Nearly seven years ago, Yacht Club Games launched the Kickstarter for Shovel Knight, thus beginning the long journey towards building one of the most recognizable characters in the indie gaming space. After a record-breaking response from the community, not only did the game receive the funding it needed, but all the stretch goals for additional content were also met. Amongst other things, these stretch goals included additional modes in which you could play through the base campaign as one of three of the boss knights. Most developers in this situation would’ve simply added three relatively low effort extra characters to the main game and called it good; Yacht Club decided to swing for the fences instead.
Both the Plague of Shadows and Specter of Torment updates in 2015 and 2017 showcased what could be done when a little more spit and polish was applied to these extra characters. Each campaign was designed as a bespoke adventure for its starring character, complete with fully redesigned levels, new storylines, and various experimental, supplementary game mechanics tossed in to make each release feel in many ways like a sequel to the original 2014 release of Shovel Knight. Now, Yacht Club has finally reached the end of the development road with its latest King of Cards expansion, which easily feels like the most ambitious and expansive campaign yet. The perfect marriage of foundational elements – such as familiar characters and stage themes – with fresh content like the new Joustus card game demonstrates how much the studio has matured over the years, making this the perfect sendoff for a modern classic.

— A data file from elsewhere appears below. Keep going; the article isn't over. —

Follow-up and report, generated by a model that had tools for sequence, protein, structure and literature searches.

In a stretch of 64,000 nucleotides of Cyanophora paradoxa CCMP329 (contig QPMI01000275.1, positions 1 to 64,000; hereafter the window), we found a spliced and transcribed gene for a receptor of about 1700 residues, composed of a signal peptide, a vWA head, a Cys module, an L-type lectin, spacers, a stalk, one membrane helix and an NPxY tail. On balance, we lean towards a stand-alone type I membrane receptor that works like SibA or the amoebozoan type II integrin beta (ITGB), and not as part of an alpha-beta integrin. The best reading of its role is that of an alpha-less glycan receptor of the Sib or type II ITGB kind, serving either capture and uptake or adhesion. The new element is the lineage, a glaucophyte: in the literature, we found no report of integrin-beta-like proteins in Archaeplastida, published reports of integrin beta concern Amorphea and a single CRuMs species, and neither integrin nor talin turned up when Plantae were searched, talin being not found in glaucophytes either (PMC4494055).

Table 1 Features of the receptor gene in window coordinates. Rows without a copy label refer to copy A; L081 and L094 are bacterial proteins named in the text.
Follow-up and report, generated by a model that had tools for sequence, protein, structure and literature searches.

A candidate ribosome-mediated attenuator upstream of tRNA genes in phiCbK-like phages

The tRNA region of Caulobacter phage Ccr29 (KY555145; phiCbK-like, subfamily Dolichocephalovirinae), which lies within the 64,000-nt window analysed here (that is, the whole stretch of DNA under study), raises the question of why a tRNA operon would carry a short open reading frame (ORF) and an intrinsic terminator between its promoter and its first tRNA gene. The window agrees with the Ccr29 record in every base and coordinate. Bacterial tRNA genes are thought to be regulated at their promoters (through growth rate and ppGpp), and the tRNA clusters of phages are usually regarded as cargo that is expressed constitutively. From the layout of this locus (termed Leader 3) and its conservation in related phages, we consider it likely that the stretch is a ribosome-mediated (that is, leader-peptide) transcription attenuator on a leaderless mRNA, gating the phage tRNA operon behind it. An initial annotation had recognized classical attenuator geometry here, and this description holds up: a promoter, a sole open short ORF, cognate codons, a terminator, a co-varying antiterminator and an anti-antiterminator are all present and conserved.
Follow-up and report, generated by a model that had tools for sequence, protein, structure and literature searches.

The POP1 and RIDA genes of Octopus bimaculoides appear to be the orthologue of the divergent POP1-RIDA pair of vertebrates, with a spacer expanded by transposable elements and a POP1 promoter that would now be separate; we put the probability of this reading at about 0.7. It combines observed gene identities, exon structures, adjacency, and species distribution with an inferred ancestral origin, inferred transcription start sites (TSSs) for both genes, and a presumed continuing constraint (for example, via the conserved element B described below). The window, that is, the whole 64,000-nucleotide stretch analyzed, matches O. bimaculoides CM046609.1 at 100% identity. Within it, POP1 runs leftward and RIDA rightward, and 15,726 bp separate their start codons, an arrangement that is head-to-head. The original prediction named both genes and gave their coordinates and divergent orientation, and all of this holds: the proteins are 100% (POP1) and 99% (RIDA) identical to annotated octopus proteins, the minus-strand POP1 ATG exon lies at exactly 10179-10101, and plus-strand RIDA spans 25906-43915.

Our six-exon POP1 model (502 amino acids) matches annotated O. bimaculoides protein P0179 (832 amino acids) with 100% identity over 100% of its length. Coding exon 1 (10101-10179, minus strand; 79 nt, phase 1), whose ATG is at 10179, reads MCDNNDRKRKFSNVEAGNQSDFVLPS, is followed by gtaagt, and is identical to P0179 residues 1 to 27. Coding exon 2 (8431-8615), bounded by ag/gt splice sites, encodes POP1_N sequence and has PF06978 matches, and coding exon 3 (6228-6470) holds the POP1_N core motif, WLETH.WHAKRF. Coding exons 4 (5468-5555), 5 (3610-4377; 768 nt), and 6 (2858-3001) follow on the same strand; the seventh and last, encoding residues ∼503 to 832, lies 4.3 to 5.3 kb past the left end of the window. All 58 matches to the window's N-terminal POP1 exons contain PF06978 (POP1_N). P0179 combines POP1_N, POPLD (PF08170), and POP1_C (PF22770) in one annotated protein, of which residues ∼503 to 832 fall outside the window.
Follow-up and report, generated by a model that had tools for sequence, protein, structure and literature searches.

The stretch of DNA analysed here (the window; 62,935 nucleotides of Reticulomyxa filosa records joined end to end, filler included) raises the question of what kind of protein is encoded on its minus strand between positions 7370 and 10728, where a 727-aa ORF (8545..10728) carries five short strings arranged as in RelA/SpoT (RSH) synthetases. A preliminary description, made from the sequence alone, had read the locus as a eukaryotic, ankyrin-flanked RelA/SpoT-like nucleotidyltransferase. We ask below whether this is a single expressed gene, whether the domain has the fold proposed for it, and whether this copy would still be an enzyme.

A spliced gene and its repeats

The story of King of Cards takes place a little before the base Shovel Knight campaign, starting off at a time in which the oafish King Knight lives with his mother and his only ‘subjects’ are the rats that scurry around his room. A popular new card-game sensation called Joustus has swept across the land and – echoing a certain monster-catching Nintendo franchise – King Knight has set his sights on becoming the very best by defeating the three Joustus Judges and becoming the titular King of Cards. Right from the off, it’s especially noticeable how this is a much more lighthearted and smaller-stakes adventure than the weighty and sombre tale that drove Specter Knight’s adventure in the last campaign. King Knight is as boisterous and buffoonish as ever, and the writing is spectacular as he interacts with various characters and recruits them to his flying airship base.